by segedunum on Thu 11th Sep 2008 21:43 UTC
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Possibly the best article I've seen here for ages. Tip 3 is great, and I had totally forgotten all about running a SSH session in the background and resuming it later.

Reply Score: 1

Tip #9
by Havin_it on Fri 12th Sep 2008 00:44 UTC
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The SysReq salute is all well and dandy, but should come with at least two caveats:

a) You need to have it in your kernel, which is not a given.

b) I dunno about the rest of you, but 99.9% of the lockups my machines encounter are X lockups - and when X goes titsup it takes the keyboard with it, so you can press Alt+PrintScreen and any darn thing you like, for all the good it'll do.

Reply Score: 3

Single Sign On
by scoops on Fri 12th Sep 2008 02:46 UTC
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I don't get it. Why in the world would somebody who is a system administrator _want_ SSO? It only compromises your entire network to the first person to sit down at an unlocked workstation.

Any how many sysadmins who like this idea also like the idea of a NOPASSWD sudo? "After all, they can't get to _my_ user without my password. Why ask for it again?"

Doesn't make sense to me. But then, I subscribe to the "Don't ever save my password" and "remove all history and cookies on close" schools. Anyone needing my browser history at work can look in the proxy logs which show user and computer from anywhere on the network. Much quicker and more secure.

Reply Score: 1

RE: Single Sign On
by nbensa on Mon 15th Sep 2008 02:18 UTC in reply to "Single Sign On"
nbensa Member since:

I don't get it. Why in the world would somebody who is a system administrator _want_ SSO? It only compromises your entire network to the first person to sit down at an unlocked workstation.

Because we sysadmins type our password hundres of times every single day of our lives and a kerberized environment doesn't compromise your network more than a not kerberized one.

I'm more worried about those so-called sysadmins who do not lock their workstations and/or do not close their sessions when they are not at their box.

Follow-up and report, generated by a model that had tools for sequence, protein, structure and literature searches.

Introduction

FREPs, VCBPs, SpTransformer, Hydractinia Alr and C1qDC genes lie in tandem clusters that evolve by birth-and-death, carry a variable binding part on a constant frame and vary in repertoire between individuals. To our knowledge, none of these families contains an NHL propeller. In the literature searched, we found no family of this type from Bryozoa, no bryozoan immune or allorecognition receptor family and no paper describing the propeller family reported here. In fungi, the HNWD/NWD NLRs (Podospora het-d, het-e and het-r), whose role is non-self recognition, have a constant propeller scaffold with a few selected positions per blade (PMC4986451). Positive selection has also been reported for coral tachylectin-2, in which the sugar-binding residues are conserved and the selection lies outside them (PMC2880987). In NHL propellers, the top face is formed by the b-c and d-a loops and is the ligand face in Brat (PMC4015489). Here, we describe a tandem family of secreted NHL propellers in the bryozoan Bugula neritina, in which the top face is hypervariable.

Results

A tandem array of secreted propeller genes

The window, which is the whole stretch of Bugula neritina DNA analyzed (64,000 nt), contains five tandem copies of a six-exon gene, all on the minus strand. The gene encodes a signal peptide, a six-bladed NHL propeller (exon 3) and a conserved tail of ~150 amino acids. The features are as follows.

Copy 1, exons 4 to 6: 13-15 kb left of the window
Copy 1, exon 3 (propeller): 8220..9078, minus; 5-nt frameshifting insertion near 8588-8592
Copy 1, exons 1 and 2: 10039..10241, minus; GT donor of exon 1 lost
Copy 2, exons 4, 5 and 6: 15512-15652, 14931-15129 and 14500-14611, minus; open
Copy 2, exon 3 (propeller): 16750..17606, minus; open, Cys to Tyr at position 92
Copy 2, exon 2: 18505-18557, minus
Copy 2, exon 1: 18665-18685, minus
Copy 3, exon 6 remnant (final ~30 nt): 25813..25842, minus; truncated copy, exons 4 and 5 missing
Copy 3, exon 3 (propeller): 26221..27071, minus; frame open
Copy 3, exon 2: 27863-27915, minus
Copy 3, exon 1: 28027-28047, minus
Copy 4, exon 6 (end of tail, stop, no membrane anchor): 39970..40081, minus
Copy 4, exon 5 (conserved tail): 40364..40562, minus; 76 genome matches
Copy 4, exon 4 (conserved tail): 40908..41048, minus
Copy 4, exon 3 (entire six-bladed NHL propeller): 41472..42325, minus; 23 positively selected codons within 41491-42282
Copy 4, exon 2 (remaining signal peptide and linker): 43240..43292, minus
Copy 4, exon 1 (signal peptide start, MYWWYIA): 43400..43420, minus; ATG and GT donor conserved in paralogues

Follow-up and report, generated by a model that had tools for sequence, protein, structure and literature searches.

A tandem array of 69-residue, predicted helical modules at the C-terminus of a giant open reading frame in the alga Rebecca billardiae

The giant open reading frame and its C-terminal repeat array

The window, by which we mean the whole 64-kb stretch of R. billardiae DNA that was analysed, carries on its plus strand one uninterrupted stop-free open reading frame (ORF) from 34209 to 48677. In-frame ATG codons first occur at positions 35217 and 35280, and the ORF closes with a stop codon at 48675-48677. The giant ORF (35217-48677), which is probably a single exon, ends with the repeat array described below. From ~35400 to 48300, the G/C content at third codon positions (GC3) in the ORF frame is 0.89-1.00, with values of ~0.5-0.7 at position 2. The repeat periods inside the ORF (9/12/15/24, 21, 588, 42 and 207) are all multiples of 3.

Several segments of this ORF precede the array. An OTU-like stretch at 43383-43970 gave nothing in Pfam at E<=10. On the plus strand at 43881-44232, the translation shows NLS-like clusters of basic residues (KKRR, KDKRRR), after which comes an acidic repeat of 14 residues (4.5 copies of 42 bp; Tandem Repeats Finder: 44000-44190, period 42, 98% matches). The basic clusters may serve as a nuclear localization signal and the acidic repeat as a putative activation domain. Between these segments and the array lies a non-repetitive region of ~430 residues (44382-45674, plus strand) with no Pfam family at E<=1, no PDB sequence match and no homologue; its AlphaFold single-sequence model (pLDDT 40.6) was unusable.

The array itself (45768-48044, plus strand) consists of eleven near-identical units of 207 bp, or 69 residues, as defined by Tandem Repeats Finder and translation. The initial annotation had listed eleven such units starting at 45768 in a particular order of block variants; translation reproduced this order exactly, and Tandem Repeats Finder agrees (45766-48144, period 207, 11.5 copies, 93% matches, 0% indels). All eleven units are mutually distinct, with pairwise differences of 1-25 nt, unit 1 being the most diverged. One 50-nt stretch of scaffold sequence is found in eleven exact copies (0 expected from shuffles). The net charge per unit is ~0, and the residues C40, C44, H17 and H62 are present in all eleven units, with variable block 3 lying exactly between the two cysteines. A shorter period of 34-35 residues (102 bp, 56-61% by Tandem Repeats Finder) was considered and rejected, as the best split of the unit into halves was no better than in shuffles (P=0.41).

Kerberos' tickets are time-limited, so if one of those "sysadmins" wants to keep their sessions open, they'll have to refresh their tickets :-P


Reply Score: 1

RE: Single Sign On
by Murrell on Tue 16th Sep 2008 00:55 UTC in reply to "Single Sign On"
Murrell Member since:

Because using Kerberos (which, for better or worse, is still the only real SSO solution in town) means that you don't have passwords flying around the network. Mail server gets compromised? Oh, now the cracker has access to all the user accounts who pick up their mail, including the sysadmins. A developer forgot to SSL encrypt all his HTTP traffic? Oops, now passwords are open to being sniffed. Password saved in plaintext on stolen laptop?

The other option is to have individual password databases on each machine. Then people start using ssh-rsa keys and other work arounds, using the default password, and/or same password in multiple locations and never change it. Furthermore, you then lose the ability to universally lock out an account network wide.

Also, Kerberos also lets you authenticate the service to the end user, so if a server's IP is hi-jacked, the user will know.

Yes, your admins should probably have a separate account for doing admin work, but that's an entirely different state of affairs. For all your every day users, SSO, a good screen lockout policy, and the occasional use of as a LART tool will are a much better security option.

Reply Score: 1